‘Pay for Delete’ Isn’t the Best Tactic for Collections on Credit

Pay for delete is when a debt collector removes a collection account from your credit reports in exchange for payment.

Profile photo of Sean Pyles
Written by Sean Pyles
Senior Writer
Profile photo of Kathy Hinson
Edited by Kathy Hinson
Lead Assigning Editor
Fact Checked
Profile photo of Lisa Mulka
Co-written by Lisa Mulka

Many, or all, of the products featured on this page are from our advertising partners who compensate us when you take certain actions on our website or click to take an action on their website. However, this does not influence our evaluations. Our opinions are our own. Here is a list of our partners and here's how we make money.

“Pay for delete” is a practice in which a debt collector erases a collection account off your credit reports in exchange for a payment on the account.

Credit reports provide the data that goes into your credit scores, so having negative information like a debt collection could harm your ability to get new credit. However, success is not guaranteed, and the latest credit scoring models are beginning to make pay for delete irrelevant.

Here’s how pay for delete works and why it’s likely not worth the hassle.

How ‘pay for delete’ works

Pay for delete starts with a call or a letter to the debt collector in which you propose a deal: You’ll settle the debt, and the collector will wipe the account from your credit reports. Note that you might not need to pay the full amount being requested; debt collectors often buy debt for pennies on the dollar, so a smaller amount might be accepted as long as it covers their costs.

These agreements are rare, though. Credit reporting agencies strongly discourage any attempt to remove accurate information from reports, and creditors are obligated by law to report accurate and complete information if they report to credit bureaus. But a creditor — the collector in this case — can also choose not to report information to the bureaus.

While the Fair Credit Reporting Act doesn’t offer guidance specifically on pay for delete, the practice isn’t totally aboveboard because the FCRA is in place to ensure accurate reporting of consumer credit history.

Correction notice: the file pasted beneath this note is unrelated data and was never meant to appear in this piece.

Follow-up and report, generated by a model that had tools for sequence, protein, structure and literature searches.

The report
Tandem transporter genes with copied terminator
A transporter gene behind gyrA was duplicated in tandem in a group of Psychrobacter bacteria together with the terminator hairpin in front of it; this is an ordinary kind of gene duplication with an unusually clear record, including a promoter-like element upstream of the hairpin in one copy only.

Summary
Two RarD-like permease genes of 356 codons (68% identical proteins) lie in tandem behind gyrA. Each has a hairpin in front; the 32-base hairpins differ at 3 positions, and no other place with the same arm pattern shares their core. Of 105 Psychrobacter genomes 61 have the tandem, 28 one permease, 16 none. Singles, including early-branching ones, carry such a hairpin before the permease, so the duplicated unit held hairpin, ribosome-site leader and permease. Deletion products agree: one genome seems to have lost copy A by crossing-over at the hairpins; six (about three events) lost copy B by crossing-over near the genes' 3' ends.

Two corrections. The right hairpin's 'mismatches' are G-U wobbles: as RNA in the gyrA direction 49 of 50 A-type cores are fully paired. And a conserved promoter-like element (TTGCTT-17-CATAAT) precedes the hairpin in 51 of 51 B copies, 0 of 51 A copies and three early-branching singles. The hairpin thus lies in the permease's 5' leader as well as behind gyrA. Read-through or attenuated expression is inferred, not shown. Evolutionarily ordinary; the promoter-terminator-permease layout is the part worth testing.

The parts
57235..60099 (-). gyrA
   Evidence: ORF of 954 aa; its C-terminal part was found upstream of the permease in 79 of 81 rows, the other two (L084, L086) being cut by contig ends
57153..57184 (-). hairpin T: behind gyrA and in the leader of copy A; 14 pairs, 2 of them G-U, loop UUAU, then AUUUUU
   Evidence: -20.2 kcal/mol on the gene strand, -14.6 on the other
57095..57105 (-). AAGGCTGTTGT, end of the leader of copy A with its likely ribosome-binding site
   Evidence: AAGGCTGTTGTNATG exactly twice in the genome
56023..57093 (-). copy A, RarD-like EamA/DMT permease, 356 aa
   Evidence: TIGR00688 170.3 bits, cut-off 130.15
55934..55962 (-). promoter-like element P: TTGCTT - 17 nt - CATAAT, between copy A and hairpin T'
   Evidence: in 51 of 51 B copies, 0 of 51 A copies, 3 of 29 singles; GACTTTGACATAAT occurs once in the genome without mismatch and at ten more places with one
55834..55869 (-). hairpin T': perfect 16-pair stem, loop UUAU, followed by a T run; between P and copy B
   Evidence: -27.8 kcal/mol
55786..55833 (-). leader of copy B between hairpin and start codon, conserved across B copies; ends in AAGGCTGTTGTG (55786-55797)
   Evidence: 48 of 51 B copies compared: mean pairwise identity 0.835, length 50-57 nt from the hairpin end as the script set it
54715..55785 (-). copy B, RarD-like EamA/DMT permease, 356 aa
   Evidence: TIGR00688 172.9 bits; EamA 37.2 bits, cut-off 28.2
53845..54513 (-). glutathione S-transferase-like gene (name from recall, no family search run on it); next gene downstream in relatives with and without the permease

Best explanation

If debt collectors choose to report information to credit reporting agencies, they must provide accurate and complete information. Stopping their reporting in exchange for payment is a gray area that undermines the principles behind the credit reporting system.

How long do collection accounts stay on your credit reports?

For now, most collection accounts stay on credit reports for up to seven years from the time the debt originally became delinquent (more than 30 days past due) and was never again brought current. If you pay off an account in collections, it will still appear on your credit reports as a paid collection.

Keep in mind that pay for delete applies only to the collection account. It won’t remove the negative information reported by the original creditor, such as late payments, which also linger for seven years.

Why ‘pay for delete’ is becoming outdated

Pay for delete is motivated by a desire to avoid credit score damage. However, collection accounts that have been paid are ignored by the latest credit scoring models: FICO 9, FICO 10 and FICO 10T, and VantageScore 3.0 and 4.0. While the account is still on your credit reports, it’s doing less damage to your score than if you hadn't paid the account. And FICO 8, an earlier version widely used in credit decisions, ignores even unpaid collections with an original balance under $100.

There’s a catch, however: When you apply for credit, the creditor might not use one of the newer scoring models. If it uses an older model, the collection account could still be affecting your score. The FICO versions used by mortgage lenders, for example, still count all collection accounts.

How to write a ‘pay for delete’ letter

If you decide to attempt a pay for delete agreement, you will need to draft a letter asking the collection agency to remove the debt from your account in exchange for payment.

Before writing the letter, ensure the debt is yours. The Consumer Financial Protection Bureau notes that debt collectors are required under the Fair Debt Collection Practices Act to provide you with validation information, often in the form of a debt validation letter. If you have not received a debt validation letter, do not pay anything until you do.

Here is what to include in a pay for delete letter:

  • Your name, address and contact information.

  • The collection agency’s name and address.

  • Your account number.

  • The balance owed.

  • Your proposed settlement amount and conditions (for example, say explicitly what you will pay and that in exchange the collector will not report the account to credit bureaus). 

  • Deadline for a response.

Keep a copy of the letter, and ask for written confirmation of the agreed-upon plan.

Get more financial clarity with NerdWallet
Monitor your credit, track your spending and see all of your finances together in a single place.

Alternatives to ‘pay for delete’

Due to the legal gray area and regulations outlined in the FCRA, there is a good chance that ‘pay for delete’ will not yield success in modifying your credit report.

However, you have a few options for paying off a debt in collections, including creating a payment plan, paying it off with a lump sum or settling the debt for less than you owe.

You could also simply wait for the account to fall off your credit reports after seven years. But that exposes you to the danger of being sued over the debt, which can lead to wage garnishment.